**Definition:*** Let be a probability space. A continuous real-valued process is called a standard Brownian motion if it is a Gaussian process with mean function*

and covariance function

It is seen that is a covariance function, because it is symmetric and for and ,

The distribution probability of a standard Brownian motion is called the Wiener measure. It is probability measure on the space of continuous functions (See Lecture 3).

Similarly, a -dimensional stochastic process is called a standard Brownian motion if

where the processes are independent standard Brownian motions.

Of course, the definition of Brownian motion is worth only because such an object exists.

**Theorem.**

There exist a probability space and a stochastic process on it which is a standard Brownian motion.

**Proof**

From the Daniell-Kolmogorov existence theorem, there exists a probability space and a Gaussian process on it, whose mean function is and covariance function is

We have for and :

Therefore, by using the Kolmogorov continuity theorem, there exists a modification of whose paths are locally -Hölder if

From the previous proof, we also easily deduce that the paths of a standard Brownian motion are locally -Hölder for every . It will later be shown that they are not -Hölder (It is a consequence of the law of iterated logarithm).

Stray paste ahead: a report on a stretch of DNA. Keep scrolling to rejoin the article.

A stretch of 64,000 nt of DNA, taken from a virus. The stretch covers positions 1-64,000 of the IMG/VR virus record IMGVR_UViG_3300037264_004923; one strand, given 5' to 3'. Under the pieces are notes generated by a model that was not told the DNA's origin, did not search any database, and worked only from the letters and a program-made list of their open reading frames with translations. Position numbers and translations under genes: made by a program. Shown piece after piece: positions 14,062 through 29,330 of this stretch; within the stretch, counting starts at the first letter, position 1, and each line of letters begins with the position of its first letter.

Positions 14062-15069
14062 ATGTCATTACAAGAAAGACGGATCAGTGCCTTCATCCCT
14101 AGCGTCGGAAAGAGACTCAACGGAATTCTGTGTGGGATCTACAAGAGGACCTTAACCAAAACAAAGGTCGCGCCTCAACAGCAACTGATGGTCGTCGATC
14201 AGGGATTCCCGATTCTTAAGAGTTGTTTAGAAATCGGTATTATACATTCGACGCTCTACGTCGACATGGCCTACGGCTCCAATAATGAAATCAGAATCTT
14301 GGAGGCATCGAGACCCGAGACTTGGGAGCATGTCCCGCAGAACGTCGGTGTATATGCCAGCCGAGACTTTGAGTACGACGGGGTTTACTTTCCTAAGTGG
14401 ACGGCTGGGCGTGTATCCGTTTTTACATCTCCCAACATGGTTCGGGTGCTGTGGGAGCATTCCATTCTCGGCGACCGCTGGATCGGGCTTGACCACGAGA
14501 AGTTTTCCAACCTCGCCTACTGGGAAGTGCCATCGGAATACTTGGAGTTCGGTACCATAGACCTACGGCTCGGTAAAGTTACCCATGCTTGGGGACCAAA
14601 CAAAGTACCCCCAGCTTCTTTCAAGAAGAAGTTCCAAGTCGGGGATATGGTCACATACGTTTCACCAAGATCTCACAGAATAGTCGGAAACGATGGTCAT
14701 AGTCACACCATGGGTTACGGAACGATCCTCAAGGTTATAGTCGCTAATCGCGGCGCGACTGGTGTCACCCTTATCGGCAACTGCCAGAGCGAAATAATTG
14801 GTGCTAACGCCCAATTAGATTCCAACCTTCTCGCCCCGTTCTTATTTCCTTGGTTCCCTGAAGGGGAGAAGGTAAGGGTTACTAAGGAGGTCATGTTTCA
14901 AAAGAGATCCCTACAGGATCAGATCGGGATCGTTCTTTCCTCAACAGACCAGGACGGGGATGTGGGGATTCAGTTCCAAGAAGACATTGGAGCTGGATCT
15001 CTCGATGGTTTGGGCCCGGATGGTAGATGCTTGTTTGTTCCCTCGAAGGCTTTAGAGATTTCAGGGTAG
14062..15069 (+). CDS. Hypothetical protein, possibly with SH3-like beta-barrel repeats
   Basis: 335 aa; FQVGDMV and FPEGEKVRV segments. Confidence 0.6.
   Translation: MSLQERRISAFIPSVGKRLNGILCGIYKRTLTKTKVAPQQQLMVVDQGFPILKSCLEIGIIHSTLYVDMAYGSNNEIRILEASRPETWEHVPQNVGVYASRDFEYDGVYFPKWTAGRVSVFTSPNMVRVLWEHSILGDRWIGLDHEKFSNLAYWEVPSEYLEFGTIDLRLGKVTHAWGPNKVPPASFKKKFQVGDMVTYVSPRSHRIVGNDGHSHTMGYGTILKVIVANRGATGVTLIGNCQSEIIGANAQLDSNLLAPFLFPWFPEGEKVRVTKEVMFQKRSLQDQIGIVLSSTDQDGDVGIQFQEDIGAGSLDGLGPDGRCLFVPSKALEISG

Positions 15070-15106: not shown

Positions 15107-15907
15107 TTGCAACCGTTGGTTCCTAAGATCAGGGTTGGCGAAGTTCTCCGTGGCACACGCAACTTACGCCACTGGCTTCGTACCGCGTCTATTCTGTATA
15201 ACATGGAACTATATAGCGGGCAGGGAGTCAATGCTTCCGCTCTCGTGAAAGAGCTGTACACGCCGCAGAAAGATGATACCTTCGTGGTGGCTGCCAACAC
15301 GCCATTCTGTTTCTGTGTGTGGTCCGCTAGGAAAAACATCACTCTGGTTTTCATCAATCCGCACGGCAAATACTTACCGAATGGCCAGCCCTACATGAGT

The following exercises give some first basic properties of Brownian motion. In these exercises, is a standard one-dimensional Brownian motion.

**Exercise.**

Show the following properties:

- a.s.;
- For any , the process is a standard Brownian motion;
- For any , the random variable is independent of the -algebra .

**Exercise.***(Symmetry property of the Brownian motion)*

- Show that the process is a standard Brownian motion.
- More generally, show that if
is a -dimensional Brownian motion and if is an orthogonal matrix, then is a standard Brownian motion.

**Exercise.***(Scaling property of the Brownian motion)*

*Show that for every , the process has the same distribution as the process . *

**Exercise.***(Time inversion property of Brownian motion)*

- Show that almost surely, .
- Deduce that the process has the same law as the process .

**Exercise.***(Non-canonical representation of Brownian motion)*

- Show that for , the Riemann integral almost surely exists.
- Show that the process is a standard Brownian motion.